ERIC Number: ED284317
Record Type: RIE
Publication Date: 1987-May
Reference Count: 0
Studying Communication Style: Comparison of Three Methods for Gathering Data.
A study examined the effects of three presentational modes--transcription, audiotape, and videotape--on raters' evaluations of male and female speakers using a powerless, powerful, or mixed speech style. A powerless speech style was characterized by the use of message elements such as qualifiers, tag questions, polite forms, and disclaimers. A powerful style was characterized by the absence of these message elements, while a mixed style represented a mode halfway between the others. Subjects, 116 female and 81 male undergraduates at a small southeastern university, rated a male or female manager (actors) presenting powerless, powerful, and mixed versions of a message on one of the three presentational modes. A contrived situation depicted a manager talking on the phone to a subordinate who has called about a work problem. The script contained only the manager's portion of the conversation so that the raters would focus solely on the manager's speech style. Both the male and female actors were videotaped encoding all three speech style scripts, and raters were presented with either the male or female version of the speech styles on one of the three delivery modes. Results indicated that respondents rated the mixed speech style most effective for all presentational modes. The powerless speech style was judged next most effective, while the powerful style was rated least effective. (Tables of data are included, and references are appended.) (NKA)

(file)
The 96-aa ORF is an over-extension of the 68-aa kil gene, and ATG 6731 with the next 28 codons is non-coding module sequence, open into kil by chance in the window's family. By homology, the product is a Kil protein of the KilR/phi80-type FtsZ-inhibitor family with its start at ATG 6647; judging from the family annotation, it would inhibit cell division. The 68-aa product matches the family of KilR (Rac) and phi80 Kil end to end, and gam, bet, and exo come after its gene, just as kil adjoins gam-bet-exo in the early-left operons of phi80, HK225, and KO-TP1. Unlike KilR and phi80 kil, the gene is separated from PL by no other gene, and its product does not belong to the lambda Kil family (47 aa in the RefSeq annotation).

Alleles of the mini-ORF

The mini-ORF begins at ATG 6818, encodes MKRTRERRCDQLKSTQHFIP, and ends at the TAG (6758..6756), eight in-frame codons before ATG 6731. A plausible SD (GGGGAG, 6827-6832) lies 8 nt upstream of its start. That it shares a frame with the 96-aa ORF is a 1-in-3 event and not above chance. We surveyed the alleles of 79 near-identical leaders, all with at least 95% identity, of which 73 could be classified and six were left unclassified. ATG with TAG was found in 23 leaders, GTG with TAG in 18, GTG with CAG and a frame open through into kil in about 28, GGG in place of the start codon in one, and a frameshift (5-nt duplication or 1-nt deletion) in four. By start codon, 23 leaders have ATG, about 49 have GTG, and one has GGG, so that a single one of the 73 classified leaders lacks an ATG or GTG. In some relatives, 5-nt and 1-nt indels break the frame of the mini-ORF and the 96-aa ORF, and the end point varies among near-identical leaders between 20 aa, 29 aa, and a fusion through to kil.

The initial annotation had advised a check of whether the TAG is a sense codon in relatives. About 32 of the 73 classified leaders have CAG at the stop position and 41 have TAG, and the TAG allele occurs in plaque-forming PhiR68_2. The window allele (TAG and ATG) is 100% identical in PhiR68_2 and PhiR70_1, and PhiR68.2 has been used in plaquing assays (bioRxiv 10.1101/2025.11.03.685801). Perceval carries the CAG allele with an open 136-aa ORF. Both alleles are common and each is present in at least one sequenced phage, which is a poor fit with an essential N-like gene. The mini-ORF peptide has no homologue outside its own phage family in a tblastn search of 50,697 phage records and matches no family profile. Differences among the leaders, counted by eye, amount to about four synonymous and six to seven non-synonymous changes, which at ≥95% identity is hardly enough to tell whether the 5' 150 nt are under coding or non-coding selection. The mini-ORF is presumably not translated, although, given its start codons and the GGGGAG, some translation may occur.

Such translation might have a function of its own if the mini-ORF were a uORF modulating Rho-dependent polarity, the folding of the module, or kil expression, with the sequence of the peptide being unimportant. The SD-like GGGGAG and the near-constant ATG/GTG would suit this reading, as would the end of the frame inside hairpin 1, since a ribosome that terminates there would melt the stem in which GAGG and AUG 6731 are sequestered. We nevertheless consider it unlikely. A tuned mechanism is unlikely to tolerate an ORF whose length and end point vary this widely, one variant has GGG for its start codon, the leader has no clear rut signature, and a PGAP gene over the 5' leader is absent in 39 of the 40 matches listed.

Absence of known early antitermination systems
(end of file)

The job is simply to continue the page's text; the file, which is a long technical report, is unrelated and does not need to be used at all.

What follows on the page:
Publication Type: Reports - Research; Speeches/Meeting Papers
Education Level: N/A
Authoring Institution: N/A
Identifiers: Communication Patterns; Communication Styles; Presentation Mode
Note: Paper presented at the Annual Meeting of the Eastern Communication Association (78th, Syracuse, NY, May 18-21, 1987).